FDA clears new First Response pregnancy test
PRINCETON, N.J. Church & Dwight last week announced that the Food and Drug Administration cleared the company’s First Response Early Result pregnancy test for a claim that it can determine pregnancy up to six days before the day of a woman’s missed period.
“A pregnancy test with results this early sets the stage for a healthy baby and a healthy mother,” stated Mary Jane Minkin. Clinical professor of obstetrics and gynecology at Yale University School of Medicine. “This latest advancement means pregnant women can initiate a healthier lifestyle even sooner in the critical first stages of a baby’s development.”
First Response pregnancy kits work by detecting the presence of the pregnancy hormone (hCG) in a woman’s urine. HCG begins to appear in a pregnant woman 8 to 10 days after fertilization. The amount of hCG doubles every 36 to 48 hours as the pregnancy progresses. With Church & Dwight’s patent-pending Polymeric Amplification Technology, the technology differentiating First Response from other testers on the market, this tester can detect the pregnancy hormone at lower levels than ever before.
CDC reports historic lows in flu activity
ATLANTA The flu news coming out of the Centers for Disease Control and Prevention this week is that there is no flu news to speak of, at least relative to flu seasons past.
For the week ended Jan. 23, influenza activity remained at approximately the same levels as last week, the CDC reported, which is below historical levels for January.
The proportion of outpatient visits for influenza-like illness was 1.7%, falling below the national baseline of 2.3%. Only 2-out-of-10 regions (the Southeast and Southwest) reported ILI equal to their region-specific baseline. No states reported widespread influenza activity, five states reported regional influenza activity and nine states reported local influenza activity. Three states reported no influenza activity.
CHPA to fight reverse-switch of PSE products in Mississippi with legislative line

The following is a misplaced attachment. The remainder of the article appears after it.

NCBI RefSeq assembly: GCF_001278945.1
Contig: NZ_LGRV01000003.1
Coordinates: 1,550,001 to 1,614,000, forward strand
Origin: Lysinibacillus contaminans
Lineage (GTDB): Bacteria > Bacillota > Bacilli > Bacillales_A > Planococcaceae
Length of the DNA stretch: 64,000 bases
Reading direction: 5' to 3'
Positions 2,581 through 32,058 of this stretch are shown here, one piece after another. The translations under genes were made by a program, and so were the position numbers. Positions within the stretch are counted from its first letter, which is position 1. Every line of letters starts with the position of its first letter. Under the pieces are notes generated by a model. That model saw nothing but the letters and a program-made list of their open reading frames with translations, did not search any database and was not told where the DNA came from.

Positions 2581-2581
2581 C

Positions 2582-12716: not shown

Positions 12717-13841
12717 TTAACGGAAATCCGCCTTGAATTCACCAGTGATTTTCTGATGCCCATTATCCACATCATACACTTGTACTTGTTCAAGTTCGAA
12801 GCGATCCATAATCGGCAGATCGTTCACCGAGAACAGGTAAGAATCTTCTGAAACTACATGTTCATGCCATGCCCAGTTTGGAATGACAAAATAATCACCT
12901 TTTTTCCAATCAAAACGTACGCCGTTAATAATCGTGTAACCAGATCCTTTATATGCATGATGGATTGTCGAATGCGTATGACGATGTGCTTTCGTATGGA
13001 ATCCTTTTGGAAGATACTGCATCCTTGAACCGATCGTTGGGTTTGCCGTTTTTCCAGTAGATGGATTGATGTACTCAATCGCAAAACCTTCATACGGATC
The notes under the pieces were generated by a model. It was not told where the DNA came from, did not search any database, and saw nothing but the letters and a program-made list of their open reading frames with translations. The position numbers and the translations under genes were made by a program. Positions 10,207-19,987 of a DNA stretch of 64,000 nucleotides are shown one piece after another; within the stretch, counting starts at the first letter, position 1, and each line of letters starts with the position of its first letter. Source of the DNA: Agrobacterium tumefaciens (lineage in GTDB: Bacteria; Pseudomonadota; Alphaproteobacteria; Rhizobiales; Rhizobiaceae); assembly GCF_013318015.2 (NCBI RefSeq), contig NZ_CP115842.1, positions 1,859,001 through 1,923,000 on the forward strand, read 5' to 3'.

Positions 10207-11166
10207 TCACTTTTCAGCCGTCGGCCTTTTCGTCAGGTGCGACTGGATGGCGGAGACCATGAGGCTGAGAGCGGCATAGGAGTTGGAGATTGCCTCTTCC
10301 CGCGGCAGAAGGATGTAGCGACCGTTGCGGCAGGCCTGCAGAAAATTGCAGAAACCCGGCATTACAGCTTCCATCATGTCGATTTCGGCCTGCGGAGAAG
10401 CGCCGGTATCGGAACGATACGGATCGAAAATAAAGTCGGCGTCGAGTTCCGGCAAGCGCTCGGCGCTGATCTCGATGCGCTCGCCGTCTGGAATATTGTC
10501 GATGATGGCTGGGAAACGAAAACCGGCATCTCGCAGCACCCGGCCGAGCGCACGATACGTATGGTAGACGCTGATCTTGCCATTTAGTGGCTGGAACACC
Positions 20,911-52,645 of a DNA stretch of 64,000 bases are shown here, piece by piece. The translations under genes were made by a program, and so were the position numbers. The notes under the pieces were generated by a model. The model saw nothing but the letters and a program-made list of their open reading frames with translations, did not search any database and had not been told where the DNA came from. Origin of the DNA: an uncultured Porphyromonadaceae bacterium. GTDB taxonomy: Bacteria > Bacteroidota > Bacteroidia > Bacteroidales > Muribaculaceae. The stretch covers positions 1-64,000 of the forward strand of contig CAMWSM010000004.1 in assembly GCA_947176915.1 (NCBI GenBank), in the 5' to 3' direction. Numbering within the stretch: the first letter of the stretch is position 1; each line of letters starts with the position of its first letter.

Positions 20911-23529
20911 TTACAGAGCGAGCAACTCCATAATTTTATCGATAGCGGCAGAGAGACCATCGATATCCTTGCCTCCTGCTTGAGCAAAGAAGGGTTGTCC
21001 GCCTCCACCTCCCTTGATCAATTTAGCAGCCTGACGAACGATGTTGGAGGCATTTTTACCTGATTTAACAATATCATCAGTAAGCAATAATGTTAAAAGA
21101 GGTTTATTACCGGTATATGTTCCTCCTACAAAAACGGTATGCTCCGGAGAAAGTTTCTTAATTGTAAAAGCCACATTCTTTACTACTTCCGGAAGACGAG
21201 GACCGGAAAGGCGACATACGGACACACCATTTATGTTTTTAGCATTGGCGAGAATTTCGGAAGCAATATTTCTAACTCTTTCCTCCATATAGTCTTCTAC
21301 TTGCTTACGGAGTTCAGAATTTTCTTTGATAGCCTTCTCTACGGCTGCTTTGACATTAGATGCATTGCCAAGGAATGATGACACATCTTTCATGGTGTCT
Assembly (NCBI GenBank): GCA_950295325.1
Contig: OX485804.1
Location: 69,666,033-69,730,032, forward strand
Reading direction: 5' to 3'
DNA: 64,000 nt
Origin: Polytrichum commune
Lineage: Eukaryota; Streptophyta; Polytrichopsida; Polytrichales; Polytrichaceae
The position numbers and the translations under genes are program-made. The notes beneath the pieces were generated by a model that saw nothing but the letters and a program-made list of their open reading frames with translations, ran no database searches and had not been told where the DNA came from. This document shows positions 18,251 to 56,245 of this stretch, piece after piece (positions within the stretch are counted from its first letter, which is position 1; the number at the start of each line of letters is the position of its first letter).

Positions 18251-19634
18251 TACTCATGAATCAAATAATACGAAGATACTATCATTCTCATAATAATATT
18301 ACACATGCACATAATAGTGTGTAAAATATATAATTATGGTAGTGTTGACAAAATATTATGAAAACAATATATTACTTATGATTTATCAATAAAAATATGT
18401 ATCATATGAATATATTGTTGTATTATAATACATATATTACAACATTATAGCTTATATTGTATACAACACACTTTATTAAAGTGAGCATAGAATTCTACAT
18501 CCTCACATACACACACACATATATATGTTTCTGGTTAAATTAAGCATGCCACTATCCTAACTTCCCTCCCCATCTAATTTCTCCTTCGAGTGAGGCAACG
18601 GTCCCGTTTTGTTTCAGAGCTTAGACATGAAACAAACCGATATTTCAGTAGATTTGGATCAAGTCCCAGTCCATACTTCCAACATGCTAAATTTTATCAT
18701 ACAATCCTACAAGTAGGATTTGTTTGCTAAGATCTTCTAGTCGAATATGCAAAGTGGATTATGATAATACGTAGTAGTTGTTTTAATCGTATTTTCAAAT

JACKSON, Miss. The Consumer Healthcare Products Association on Saturday announced a legislative line for consumers to call in an effort to fight a move to reverse-switch cold and allergy medicines containing pseudoephedrine from behind-the-counter to prescription-only.
“CHPA has provided a phone number for Mississippians to contact their legislators which within the first day fielded scores of calls from around the state,” stated CHPA spokeswoman Elizabeth Funderburk. “We have heard their outrage on talk radio, and online posting to news web pages. And recent polling shows almost two-thirds of Mississippi voters oppose the legislation,” she said. “Everyone wants to fight meth, but Mississippians believe an electronic tracking procedure is better than the added cost and burden of a prescription mandate.”
According to the poll, 74% of Mississippi consumers agree that an Rx-only requirement would create an “unnecessary burden” for law-abiding citizens, and approximately 61% oppose the law.
Last week, the Mississippi House passed H.B. 512, legislation that would impose an Rx-only mandate on commonly available cold and allergy medications containing PSE. Identical legislation is currently being shepherded through the Senate (S.B. 2339).
“Because Mississippi does not tax prescription drugs, this legislation would also divert $590,000 from the general fund annually, as well as increase the costs to Mississippi’s Medicaid program through increased doctor’s visits and prescriptions as a result,” Funderburk added. “This would be an expensive new mandate from the state on the budgets of Mississippi families and Mississippi taxpayers. There is a better way to fight meth, and that’s through establishing an electronic tracking program to stop the illegal sale to criminals.”
The survey, conducted from Jan. 14 to Jan. 23, involved 350 Mississippi state residents ages 18 years and over, all of whom voted in the last election. The survey was sponsored by the Consumer Healthcare Products Association.